Approved Document O is up and running. Mark Taylor looks at the pros and cons of routes to compliance and what it means for apartment and house designs
The transitional window for Requirement O of the Building Regulations closed in June and must now be complied with. We can face our inevitable future of annual heatwaves with the regulations to give occupants of new homes some protection against the worst of the emerging climate disruptions. So what are the methods of compliance, and the stumbling blocks to clear calculation – and what might the regulations spell for the future of apartment and house design?
The aim of requirement O was to include all aspects of passive overheating design, including limiting unwanted solar gains in summer and providing adequate means of removing excess indoor heat, while ensuring such means are safe. Location, orientation, cross ventilation, shading, glazing and ventilation areas are all under scrutiny. Provision of information to the owner completes the list of considerations.
As with all the regs’ functional requirements, there is the usual approved document containing means of meeting Requirement O. AD-O outlines two methods for achieving the performance targets: a simplified and a more thorough dynamic thermal modelling method embodied in CIBSE TM59. The dynamic method is more refined as the building is modelled and more inputs are required. There is also a third method, not included, that could be fruitful to work with.
Many a brow will have been furrowed by the complexities of the ‘simplified’ method. Its cocktail of criteria can be a headache for designers of houses (it is not deemed suitable for buildings of more than one residential unit with distributed hot water).
Textual and tabular hurdles start with assessment of floor areas and opening sizes. Minimum levels are set for free area, the geometric open area of a ventilation opening. There is also equivalent area, a measure of the aerodynamic performance of an opening. The equivalent areas of the actual openings should meet or exceed the geometric free area targets relevant to the total floor areas of the dwelling and also those of the bedrooms. There are three ways of checking equivalent area: the tables in the appendix, an online calculation tool or EN 13141-1.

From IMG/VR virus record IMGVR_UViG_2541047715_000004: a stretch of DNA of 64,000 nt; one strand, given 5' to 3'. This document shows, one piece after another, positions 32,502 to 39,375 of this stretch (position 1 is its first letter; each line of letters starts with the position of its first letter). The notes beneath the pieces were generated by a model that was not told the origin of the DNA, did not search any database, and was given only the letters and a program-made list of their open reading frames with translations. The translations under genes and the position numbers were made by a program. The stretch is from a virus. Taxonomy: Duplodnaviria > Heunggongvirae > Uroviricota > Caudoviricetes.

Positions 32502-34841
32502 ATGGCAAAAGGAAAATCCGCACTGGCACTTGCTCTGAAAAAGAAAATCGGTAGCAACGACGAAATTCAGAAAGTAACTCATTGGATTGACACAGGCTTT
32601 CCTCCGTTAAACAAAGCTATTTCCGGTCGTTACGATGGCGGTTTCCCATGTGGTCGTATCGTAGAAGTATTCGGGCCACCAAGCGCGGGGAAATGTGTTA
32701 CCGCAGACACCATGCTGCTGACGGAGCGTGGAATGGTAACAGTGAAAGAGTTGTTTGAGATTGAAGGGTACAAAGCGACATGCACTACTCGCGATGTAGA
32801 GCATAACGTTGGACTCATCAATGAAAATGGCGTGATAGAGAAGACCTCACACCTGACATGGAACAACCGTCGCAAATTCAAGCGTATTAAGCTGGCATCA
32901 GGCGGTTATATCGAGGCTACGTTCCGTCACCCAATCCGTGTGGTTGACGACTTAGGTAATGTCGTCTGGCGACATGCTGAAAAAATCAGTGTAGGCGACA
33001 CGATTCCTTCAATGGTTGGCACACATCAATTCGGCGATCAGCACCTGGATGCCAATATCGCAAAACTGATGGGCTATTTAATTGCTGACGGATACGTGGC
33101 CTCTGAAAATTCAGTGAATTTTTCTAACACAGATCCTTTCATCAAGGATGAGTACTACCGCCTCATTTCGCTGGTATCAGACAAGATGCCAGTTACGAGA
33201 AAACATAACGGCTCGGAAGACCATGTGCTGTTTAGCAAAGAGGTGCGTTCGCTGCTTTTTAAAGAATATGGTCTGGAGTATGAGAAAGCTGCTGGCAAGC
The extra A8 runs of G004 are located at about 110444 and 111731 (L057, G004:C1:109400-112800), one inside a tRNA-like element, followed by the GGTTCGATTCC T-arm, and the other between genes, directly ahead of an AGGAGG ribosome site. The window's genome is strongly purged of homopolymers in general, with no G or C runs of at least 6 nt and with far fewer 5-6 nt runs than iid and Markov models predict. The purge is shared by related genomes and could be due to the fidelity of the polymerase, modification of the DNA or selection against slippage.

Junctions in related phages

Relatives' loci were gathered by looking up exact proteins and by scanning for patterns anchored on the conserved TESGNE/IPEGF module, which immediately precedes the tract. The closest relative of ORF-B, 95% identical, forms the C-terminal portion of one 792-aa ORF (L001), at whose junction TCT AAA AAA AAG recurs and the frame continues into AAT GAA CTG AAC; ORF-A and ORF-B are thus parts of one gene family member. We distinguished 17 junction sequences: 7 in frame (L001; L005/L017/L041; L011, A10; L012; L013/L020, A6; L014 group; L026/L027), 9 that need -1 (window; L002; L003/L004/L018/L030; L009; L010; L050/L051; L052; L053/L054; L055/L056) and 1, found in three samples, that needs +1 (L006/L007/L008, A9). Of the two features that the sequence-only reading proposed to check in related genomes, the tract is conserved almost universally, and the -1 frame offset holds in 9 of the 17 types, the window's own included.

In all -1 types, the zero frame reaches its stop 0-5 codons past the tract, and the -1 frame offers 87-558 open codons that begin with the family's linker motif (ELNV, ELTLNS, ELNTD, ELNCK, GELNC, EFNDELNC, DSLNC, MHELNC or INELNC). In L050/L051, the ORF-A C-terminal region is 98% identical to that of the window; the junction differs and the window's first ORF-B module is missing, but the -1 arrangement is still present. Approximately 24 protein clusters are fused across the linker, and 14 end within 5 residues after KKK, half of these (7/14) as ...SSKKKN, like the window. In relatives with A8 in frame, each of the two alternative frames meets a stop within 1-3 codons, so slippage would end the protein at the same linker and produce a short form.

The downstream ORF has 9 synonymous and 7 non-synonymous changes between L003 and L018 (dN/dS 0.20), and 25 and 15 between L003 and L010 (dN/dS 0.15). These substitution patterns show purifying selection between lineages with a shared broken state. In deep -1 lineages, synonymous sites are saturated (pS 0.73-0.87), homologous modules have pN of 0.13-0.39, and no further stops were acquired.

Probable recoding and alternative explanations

One ostensibly puzzling oddity is that the total free area targets for buildings in high risk areas are lower than those in low risk areas. This seems to have partly given rise to the publication of a web page of frequently asked questions by the Department for Levelling Up, Housing & Communities. It is justified by buildings in high risk areas in inner London postcodes (and some Manchester postcodes) needing one of the following: external shutters with means of ventilation, limits on glass G value/light transmission, or overhangs with 50° altitude cut-off on due south-facing facades. The targets for bedrooms are mysteriously the inverse: those with free area in high risk areas being higher than those in low risk areas. There is no explanation for this apparent anomaly.
Using the dynamic method should allow greater flexibility in design as the modelling considers a range of mitigation measures, building geometry, locational features and shading types. Specific limits are placed on modelling inputs covering occupancy and window/door opening and closing times. Mechanical ventilation is considered as well as active cooling but the latter only as a last resort when preventative and passive measures cannot work.
Good Homes Alliance
There is another method of assessing overheating, although not mentioned in the Approved Document. The Good Homes Alliance has produced a simplified tool and a guidance book. This approach appears to sit somewhere between the AD-O simplified and dynamic methods and may prove useful, as the Approved Documents are not the only allowable way of meeting the requirements of the Building Regulations. Designers should check whether their building control body and warranty provider will accept its outcome as evidence of compliance before relying on it.